Perceived Pain Control Paradigm
Participants were seated in front of a 24-inch computer monitor with a keyboard in front of their right hand. The CHEPS thermode was placed 5 cm from the wrist on the underside of the subjects left forearm. The TMS coil was placed over the F3 position[7].
Participants were instructed that they would be completing a reaction time task. [44] An arrow of random directionality (up, down, left or right) appeared on the computer screen in front of the subject. The subject pressed the corresponding arrow on the keyboard as quickly as possible. After each trial, the CHEPS thermode delivered a heat stimulus that varied in duration from 1 second to 4 seconds. The 1- and 2-second stimuli were low-pain stimuli (i.e., shorter duration than the stimuli used by the investigators to establish each participant’s target temperature), and the 3- and 4-second stimuli were high-pain stimuli (i.e., longer than the duration used to establish the target temperature and high enough to trigger negative affectivity and the experience of unpleasantness). Each participant received 10Hz of TMS over F3 for 5 seconds at the same time as each thermal stimuli. Participants then rated the painfulness or unpleasantness of each thermal stimulus on a computerized visual analogue scale (100-points) of “no pain” to “worst pain imaginable” (for pain intensity) or “not unpleasant at all” to “extremely unpleasant” (for pain unpleasantness ratings). Participants underwent 10 practice trials during which they received real or sham TMS in order to allow them an opportunity to acclimate to the procedures. The actual task lasted 60 trials. See Figure 1 for an illustration of the perceived-controllability paradigm.
Figure 1
Figure 1
Illustration of a single trial of the perceived pain controllability task.
Investigators told participants that when the arrow prompt appeared on a green background, if they reacted faster than a random-sampling of their previous green-screen trials, then the duration of the thermal stimulus administered following that trial would be shortened. Thus, response speed (which they could control) would decrease the duration of the thermal stimulus (perceived pain control condition). In contrast, when the arrow prompt appeared on a red background, reaction time would not influence the duration of thermal stimulus and the thermal stimulus duration would be completely random (no perceived pain control condition). In actual fact, the durations of all thermal stimuli were pseudo-randomly ordered and matched for total duration between red and green screen trials. That is, only the order of thermal stimulus delivery was manipulated as needed to correspond with participants’ reaction time performance without disrupting the balance of thermal stimulus duration between red and green screen trials. This paradigm is adapted from Salomons et al. [44]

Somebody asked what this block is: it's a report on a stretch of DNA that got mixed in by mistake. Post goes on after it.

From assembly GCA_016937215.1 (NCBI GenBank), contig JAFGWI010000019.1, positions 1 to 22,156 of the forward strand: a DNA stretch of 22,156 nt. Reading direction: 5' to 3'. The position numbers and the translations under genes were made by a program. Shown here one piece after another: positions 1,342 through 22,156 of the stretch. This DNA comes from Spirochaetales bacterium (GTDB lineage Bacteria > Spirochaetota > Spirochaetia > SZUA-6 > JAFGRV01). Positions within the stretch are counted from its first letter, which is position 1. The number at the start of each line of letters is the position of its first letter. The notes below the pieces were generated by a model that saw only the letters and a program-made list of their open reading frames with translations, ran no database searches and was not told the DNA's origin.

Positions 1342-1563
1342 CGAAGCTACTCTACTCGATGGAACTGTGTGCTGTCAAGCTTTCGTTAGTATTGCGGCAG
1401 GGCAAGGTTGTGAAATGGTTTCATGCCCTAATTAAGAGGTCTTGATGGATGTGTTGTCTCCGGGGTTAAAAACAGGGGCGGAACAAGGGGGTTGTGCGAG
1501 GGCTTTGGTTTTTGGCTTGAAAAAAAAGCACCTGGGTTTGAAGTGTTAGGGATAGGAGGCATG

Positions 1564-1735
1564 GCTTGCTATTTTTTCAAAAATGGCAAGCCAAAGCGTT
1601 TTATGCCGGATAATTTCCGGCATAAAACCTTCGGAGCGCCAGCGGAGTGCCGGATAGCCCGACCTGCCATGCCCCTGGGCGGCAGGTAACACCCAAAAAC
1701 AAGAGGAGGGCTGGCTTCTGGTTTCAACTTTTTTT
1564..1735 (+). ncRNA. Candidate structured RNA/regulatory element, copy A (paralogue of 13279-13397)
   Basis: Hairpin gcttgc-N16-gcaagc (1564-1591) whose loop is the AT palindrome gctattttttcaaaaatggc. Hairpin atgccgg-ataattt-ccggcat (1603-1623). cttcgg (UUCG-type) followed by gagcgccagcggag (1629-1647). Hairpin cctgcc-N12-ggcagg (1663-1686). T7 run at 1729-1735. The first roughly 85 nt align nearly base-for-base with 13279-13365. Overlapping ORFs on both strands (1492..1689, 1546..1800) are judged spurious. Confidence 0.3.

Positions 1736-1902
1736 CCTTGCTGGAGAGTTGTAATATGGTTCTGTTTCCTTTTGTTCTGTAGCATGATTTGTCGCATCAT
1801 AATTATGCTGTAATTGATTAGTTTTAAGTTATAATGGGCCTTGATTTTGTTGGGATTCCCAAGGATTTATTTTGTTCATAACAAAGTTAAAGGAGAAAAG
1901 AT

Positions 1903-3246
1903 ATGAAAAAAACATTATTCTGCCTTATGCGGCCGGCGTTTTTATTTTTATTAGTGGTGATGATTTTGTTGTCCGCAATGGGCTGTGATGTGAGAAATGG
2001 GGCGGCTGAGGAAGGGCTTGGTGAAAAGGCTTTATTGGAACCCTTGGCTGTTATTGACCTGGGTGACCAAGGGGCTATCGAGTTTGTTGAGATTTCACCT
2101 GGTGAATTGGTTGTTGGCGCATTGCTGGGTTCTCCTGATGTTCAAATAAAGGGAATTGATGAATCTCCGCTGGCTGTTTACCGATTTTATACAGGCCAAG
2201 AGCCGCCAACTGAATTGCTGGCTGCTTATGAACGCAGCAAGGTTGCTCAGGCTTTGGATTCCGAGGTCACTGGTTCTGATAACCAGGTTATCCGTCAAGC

After they completed the experiment, participants rated their level of perceived control over the thermal pain stimuli (0=no control to 10=complete control). They also guessed whether they received real or sham rTMS and rated their confidence in their guess (0=completely guessing to 10=absolutely sure).
Participants provided ratings for a total of 22 high-pain stimuli (i.e., 3- and 4-second) trials (8 intensity ratings and 14 unpleasantness ratings). Participants provided 4 of the pain intensity ratings for green-screen trials (perceived control condition) and 4 for red-screen trials (no control condition). They provided 7 unpleasantness ratings for green-screen trials and 7 unpleasantness ratings for red screen trials. The low pain stimuli (i.e., 1- and 2-second) trials were randomly intermixed during the study to help create the illusion of control (e.g., when they occurred following a particularly fast reaction time on a green screen trial), but the intensity and unpleasantness ratings for the low pain trials were not analyzed.
Statistical Analysis
A mixed model was implemented using PROC MIXED in SAS[48] to examine the within-subject effect of perceived-control condition (perceived-control versus no-control trials), the between-subject effect of TMS condition (real versus sham) and the interaction effect on both pain intensity and pain unpleasantness ratings while controlling for stimulus order (i.e., stimulus duration) and time for all high-pain stimuli. Participants' intercepts and slopes were entered into the model as subject-level random effects, the estimation method was REML, and the covariance matrix was unstructured. Chi-Square and t-tests were used to examine the mask (sham) validity and participants' overall ratings of perceived control.
Overall, participants appear to have been successfully blinded to TMS condition assignment. Participants had a 50% chance of correctly guessing whether they received real or sham stimulation. 10 participants failed to correctly guess which group they were in, and 14 guessed correctly (X2(1)=0.67, ns). Of the 12 participants in the sham TMS group, 5 guessed correctly regarding their group assignment, and of those in the real TMS group 9 guessed correctly (X2(1)=0.75, ns). The mean confidence rating of those that guessed correctly was 5.07 (SD=3.56) out of 10, and of those guessing incorrectly, the mean confidence was 5.70 (SD=2.83; t(22)=0.65, ns).